The narrator (Jane) of The Yellow Wallpaper and the character Edna Pontellier from The Awakening and Louise Mallard of The Story of an Hour are equally trapped within the boundaries of male domination. These boundaries come from their husbands, whom will not allow them to right to express themselves as individuals. They are to be “the wives” and nothing more. Not content with the situation, these women try to break away from the stereotype.
Edna Pontellier leaves her husband, Leonce due to her discontentment with confinement and lack of growth. She has an affair with Robert Lebrun knowing, yet not caring what society will have to say. This reveals her breaking away from oppression and risks her ordinary life in order to do so.
Jane who is recooperating from an illnes is dominated by her husband. She is only allowed to rest in a room of a rented mansion where she comes to face reality. As she stares at the yellow wallpaper, she begins to see a similarity between the wallpapers pattern and the bars in which women are trapped behind. She realizes the oppression of woman, yet does not go to the extremes (like Edna) of breaking away from society. However ; when Jane begins to peel off pieces of the wallpaper, it symbolizes a small step into freedom.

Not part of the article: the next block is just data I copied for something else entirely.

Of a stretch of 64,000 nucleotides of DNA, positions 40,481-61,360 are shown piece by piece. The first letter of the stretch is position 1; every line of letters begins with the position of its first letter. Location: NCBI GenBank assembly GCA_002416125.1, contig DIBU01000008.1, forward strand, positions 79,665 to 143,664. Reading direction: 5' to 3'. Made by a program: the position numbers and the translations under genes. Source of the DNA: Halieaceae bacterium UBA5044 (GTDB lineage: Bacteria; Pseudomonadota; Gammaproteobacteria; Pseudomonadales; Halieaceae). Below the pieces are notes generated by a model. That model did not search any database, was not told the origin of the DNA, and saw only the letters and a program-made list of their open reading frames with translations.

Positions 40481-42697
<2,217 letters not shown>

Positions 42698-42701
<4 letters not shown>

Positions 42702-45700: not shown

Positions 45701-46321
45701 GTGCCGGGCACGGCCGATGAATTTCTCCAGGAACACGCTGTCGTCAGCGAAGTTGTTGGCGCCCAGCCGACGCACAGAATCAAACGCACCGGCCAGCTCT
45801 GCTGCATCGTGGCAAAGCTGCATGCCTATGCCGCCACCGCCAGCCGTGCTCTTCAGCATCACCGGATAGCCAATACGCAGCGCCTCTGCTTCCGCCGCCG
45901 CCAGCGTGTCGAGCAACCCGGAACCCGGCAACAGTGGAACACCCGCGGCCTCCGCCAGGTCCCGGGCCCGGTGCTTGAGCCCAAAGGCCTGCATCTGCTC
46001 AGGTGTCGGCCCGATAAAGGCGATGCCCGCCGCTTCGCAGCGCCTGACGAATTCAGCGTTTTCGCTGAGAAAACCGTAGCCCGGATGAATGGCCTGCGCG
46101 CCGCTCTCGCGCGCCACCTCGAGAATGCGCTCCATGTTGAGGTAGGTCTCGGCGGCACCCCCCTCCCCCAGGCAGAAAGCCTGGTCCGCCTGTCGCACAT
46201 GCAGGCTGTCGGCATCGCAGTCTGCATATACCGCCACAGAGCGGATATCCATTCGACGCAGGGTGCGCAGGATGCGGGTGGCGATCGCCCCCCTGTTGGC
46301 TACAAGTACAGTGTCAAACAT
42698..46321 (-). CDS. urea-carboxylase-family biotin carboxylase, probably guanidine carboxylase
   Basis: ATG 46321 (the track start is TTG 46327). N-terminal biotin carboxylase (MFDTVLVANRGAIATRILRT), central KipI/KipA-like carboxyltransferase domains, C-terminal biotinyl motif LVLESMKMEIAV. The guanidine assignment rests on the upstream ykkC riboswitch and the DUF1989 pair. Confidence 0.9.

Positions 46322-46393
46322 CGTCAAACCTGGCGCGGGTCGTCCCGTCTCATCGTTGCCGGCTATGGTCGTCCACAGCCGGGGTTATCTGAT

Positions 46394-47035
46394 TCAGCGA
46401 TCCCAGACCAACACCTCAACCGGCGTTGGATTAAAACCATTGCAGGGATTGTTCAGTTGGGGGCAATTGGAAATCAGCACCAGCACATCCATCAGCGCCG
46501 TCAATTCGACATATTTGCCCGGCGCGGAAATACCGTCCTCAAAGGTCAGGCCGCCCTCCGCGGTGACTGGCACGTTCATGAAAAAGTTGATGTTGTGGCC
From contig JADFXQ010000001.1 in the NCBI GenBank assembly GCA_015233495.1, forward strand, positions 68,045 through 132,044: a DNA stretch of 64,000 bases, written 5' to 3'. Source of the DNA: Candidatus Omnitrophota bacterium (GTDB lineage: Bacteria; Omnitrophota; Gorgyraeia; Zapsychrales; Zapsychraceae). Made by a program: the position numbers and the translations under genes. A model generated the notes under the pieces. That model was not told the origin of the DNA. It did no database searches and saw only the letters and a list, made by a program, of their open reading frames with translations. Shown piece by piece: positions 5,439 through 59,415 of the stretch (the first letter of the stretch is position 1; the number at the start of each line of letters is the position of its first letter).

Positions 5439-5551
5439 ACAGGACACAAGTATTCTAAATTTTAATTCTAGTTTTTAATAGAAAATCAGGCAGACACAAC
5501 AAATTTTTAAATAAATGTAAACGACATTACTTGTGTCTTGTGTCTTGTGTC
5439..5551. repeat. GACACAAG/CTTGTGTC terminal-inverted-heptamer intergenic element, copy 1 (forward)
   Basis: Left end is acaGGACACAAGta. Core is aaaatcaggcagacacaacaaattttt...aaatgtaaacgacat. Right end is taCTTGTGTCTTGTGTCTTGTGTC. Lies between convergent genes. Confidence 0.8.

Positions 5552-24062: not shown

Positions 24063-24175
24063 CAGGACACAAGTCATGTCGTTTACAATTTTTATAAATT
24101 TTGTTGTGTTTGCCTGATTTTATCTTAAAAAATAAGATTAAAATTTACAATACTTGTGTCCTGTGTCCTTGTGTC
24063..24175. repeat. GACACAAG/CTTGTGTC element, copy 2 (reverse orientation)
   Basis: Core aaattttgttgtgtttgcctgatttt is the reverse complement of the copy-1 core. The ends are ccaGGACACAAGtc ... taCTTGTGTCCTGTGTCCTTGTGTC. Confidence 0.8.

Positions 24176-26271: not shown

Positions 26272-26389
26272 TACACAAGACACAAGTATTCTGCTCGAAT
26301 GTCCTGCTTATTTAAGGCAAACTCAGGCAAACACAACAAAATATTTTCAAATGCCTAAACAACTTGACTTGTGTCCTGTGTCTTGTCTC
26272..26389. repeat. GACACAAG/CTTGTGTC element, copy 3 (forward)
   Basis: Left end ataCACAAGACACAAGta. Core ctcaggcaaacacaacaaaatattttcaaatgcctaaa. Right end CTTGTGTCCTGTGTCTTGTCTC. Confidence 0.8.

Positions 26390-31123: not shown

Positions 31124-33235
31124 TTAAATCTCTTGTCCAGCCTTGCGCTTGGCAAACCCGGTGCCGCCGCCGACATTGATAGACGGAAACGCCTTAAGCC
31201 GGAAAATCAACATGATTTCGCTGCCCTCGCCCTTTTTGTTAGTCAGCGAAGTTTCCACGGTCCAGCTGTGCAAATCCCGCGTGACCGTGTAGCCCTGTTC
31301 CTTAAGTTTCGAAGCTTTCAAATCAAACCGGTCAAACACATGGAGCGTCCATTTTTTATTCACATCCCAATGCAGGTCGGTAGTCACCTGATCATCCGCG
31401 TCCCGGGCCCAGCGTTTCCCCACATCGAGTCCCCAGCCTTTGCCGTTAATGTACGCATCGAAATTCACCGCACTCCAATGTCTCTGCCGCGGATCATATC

Louise Mallard comes to find her husband has died in a train accident. As she discovers the news, she is immediately shocked and saddened. However ; looking out the window, Louise realizes she is free from male domination. The freedom she possesses now makes her feel as if she is no longer confined. When she discovers Mr. Mallard has not died, she dies of a sudden heart attack, symbolizing her need for freedom.
Jane, Edna, and Louise all feel idle within their boundaries. Although each dealt with their oppression in different ways, they all broke loose in someway from the woman’s role in society and realized their need for freedom.